The lower-growing groundcovers in the trial generally form dense mats of foliage between 50 and 80 cm tall, with widths approaching three times their height. Many of these would make good small- to medium-scale groundcovers for dry areas. The tallest is ‘Sunset’, which is a fairly common cultivar. Somewhat lower-growing than this are Cistus ‘Grayswood Pink’, Cistus ×florentinus ‘Tramontane’ Cistus ×gardianus, and H. lasianthum ‘Sandling’. The other H. lasianthum cultivars in the evaluation are somewhat lower-growing than these, although all of the aforementioned cultivars form dense, wide-spreading groundcovers. The lowest-growing plant in the entire evaluation was ×Halimiocistus sahucii, which was less than 30 cm tall after 3 years (Table 2).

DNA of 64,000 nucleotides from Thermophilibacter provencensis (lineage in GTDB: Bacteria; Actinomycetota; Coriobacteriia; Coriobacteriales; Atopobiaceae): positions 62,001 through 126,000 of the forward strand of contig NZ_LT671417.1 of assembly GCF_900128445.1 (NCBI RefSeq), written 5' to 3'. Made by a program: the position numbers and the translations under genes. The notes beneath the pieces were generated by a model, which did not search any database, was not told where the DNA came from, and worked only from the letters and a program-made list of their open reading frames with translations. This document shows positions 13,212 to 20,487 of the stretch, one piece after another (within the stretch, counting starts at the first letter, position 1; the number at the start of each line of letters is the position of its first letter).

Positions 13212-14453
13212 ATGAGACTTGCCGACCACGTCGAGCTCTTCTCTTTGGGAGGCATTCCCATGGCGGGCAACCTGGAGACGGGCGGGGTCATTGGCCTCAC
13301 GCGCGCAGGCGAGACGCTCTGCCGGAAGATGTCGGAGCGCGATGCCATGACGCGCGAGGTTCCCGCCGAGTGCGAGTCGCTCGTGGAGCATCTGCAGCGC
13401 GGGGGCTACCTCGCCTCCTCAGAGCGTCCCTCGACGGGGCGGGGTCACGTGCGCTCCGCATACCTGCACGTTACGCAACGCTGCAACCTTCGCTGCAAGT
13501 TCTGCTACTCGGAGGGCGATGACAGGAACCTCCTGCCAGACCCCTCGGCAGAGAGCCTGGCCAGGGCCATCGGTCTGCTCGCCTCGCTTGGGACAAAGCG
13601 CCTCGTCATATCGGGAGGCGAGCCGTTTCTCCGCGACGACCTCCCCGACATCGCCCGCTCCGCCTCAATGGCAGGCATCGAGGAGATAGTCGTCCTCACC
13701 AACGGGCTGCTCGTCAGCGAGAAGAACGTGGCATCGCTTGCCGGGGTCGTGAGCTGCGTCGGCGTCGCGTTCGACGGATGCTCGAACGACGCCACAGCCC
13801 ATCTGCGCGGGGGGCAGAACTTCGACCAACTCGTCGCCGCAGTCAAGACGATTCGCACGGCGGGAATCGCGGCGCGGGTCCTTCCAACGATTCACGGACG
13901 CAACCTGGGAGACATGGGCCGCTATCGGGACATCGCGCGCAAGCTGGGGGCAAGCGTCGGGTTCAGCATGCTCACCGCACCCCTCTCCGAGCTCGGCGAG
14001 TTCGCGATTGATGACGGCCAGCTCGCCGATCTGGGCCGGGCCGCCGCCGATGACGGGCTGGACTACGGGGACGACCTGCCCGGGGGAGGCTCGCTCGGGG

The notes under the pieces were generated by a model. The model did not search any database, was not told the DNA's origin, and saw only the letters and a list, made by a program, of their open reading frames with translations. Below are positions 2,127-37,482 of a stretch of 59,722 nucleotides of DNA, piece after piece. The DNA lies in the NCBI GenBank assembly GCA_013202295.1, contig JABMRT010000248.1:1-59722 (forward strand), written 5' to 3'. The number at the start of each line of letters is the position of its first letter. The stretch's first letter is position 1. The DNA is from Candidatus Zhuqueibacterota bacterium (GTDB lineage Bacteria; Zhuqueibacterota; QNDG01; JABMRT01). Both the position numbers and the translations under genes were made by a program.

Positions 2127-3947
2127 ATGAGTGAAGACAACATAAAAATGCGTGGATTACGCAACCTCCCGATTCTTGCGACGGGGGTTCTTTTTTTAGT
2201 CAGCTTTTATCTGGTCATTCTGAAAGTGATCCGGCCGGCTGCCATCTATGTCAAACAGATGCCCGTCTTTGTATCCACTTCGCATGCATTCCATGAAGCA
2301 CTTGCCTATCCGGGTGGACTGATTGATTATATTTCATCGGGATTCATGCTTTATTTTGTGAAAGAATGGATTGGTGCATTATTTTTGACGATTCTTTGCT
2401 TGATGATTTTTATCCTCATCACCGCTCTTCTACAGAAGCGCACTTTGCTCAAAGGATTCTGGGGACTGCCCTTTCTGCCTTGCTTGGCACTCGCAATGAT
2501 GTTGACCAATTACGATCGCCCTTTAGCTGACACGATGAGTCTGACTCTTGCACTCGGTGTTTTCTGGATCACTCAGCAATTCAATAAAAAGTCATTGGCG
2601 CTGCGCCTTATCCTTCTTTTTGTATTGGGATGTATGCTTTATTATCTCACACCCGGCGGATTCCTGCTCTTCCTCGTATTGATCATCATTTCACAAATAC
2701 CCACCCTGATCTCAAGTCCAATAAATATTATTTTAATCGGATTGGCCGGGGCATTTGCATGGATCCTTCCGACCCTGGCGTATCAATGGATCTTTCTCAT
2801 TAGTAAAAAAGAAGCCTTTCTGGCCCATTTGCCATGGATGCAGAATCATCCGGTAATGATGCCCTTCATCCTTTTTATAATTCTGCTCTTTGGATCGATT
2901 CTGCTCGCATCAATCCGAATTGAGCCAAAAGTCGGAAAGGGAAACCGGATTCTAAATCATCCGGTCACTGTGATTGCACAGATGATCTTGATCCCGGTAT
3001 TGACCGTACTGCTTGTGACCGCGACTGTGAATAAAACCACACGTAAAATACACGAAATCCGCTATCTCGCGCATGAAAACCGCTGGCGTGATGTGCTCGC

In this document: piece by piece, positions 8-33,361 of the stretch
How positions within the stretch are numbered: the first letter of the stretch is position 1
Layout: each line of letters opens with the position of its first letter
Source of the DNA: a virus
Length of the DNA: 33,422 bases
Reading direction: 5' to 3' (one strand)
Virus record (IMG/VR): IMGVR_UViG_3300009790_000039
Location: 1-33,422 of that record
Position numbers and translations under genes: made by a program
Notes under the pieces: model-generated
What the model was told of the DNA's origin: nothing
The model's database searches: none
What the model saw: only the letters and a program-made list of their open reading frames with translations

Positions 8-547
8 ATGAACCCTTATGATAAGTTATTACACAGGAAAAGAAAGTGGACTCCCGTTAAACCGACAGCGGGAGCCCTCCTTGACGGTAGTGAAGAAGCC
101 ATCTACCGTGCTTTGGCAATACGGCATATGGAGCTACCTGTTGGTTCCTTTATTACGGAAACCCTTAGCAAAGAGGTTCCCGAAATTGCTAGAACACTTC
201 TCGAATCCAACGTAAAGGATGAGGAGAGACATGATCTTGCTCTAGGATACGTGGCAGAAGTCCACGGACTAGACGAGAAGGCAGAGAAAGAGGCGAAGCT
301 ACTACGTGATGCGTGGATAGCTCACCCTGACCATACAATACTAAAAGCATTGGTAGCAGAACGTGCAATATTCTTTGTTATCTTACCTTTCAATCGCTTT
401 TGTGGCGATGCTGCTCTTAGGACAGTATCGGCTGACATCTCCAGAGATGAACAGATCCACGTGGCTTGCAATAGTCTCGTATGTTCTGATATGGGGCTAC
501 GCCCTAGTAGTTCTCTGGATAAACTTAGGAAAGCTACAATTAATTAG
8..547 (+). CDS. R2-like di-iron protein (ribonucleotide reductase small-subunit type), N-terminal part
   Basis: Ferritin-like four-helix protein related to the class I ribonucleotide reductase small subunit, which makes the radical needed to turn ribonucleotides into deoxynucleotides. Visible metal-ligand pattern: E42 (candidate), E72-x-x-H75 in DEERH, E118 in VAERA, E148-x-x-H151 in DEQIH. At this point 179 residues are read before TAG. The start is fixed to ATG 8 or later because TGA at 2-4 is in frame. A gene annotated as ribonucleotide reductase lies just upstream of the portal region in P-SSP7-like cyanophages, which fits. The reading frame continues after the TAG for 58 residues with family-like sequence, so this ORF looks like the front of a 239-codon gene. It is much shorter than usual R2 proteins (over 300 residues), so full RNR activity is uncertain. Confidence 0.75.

Cold hardiness.

Plants were rated for cold damage in Apr. 2006 and Apr. 2009 (Tables 14). The lowest minimum winter temperatures from 2004–09 occurred in Dec. 2005 and Feb. 2006, and in Dec. 2008. The low temperatures on Dec. 15 and 16, 2005 were 20 and 19 °F, respectively. A relatively late freeze occurred on 20 Feb. 2006, when the temperature dropped to 20 °F. The coldest temperatures over the duration of the evaluation occurred on 16 Dec. and 17 Dec. 2008, when the minimum temperatures were 17 °F and 19 °F, respectively.